Clinical Cancer Chemotherapy Aimed at Potential Cell Regulators

Frances E. Knock, PhD, MD; Raymond M. Gait, MD; Oliver V. Renaud, MD; Y. Thomas Oester, MD, PhD
Arch Surg. 1970;100(2):167-172. doi:10.1001/archsurg.1970.01340200055013.
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Marked toxicity to wound healing and bone marrow has plagued clinical cancer chemotherapy, with drugs like mechlorethamine hydrochloride (nitrogen mustard) and fluorouracil (5-fluorouracil) attacking nucleic acids or blocking their synthesis. For adjuvant chemotherapy following cancer surgery, anticancer drugs must attack cancer preferentially, to permit normal wound healing while regressing cancer. The search for cancerocidal drugs that can be used immediately after major cancer surgery has led to clinical use of selected drugs attacking potential cellular regulators.1-3 These drugs have regressed a variety of human cancers without injury to wound healing and with minimal injury to hematologic status, or even improvement in some patients.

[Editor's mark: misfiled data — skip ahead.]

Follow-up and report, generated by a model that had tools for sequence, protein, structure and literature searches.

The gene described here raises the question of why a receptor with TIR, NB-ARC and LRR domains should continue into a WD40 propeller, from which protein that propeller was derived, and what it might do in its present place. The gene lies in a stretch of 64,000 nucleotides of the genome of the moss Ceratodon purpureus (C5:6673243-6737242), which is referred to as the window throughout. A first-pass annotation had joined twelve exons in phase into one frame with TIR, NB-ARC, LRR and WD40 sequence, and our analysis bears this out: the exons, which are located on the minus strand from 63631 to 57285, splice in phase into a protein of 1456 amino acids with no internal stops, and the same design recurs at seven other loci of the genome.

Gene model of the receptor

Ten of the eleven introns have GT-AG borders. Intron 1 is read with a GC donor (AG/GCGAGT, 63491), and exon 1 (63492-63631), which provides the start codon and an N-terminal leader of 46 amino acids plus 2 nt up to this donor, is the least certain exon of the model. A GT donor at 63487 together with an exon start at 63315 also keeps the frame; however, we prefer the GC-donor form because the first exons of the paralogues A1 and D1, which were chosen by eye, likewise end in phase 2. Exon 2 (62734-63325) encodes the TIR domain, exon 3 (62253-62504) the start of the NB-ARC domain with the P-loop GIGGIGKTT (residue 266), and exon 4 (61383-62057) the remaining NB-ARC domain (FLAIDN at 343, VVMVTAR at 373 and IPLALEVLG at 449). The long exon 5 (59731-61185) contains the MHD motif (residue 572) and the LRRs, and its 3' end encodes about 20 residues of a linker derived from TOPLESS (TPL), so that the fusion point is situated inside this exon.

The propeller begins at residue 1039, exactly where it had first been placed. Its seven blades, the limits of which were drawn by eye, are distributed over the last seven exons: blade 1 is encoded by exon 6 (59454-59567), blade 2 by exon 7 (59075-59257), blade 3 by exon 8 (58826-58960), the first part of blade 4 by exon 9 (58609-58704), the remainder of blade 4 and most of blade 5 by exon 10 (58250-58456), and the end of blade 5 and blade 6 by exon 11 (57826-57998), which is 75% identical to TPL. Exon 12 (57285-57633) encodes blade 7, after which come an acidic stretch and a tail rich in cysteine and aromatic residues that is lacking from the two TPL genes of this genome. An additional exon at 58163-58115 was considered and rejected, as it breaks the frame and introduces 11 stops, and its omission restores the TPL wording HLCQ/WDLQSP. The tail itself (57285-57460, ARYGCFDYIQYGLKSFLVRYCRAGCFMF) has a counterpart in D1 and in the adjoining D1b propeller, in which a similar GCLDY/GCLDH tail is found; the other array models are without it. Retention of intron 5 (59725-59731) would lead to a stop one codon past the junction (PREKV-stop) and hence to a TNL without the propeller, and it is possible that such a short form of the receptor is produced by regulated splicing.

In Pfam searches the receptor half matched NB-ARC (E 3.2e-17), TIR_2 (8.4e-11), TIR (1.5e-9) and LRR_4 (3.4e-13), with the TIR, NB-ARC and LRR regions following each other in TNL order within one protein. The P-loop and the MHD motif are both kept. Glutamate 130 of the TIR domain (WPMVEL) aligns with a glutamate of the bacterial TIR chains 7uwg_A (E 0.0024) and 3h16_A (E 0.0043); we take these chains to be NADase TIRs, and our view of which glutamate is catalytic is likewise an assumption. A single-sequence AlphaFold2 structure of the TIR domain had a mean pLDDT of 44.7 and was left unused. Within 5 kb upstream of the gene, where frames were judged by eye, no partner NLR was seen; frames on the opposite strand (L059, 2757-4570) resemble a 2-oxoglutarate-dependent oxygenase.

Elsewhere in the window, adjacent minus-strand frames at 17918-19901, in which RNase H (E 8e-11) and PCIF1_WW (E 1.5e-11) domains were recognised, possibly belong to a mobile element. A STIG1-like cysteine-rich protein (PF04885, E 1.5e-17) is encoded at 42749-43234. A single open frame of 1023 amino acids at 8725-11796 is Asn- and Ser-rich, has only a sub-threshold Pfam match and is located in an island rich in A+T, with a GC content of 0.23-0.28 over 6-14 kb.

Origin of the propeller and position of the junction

Cellular regulators are generally believed to be proteins. For attack at potential regulatory proteins of chromosomes, cytoplasm, cell membranes, and steroid receptors, sulfhydryl (SH) groups on protein appear to be the most reactive and vulnerable, and the most essential for maintaining proper architecture of the proteins


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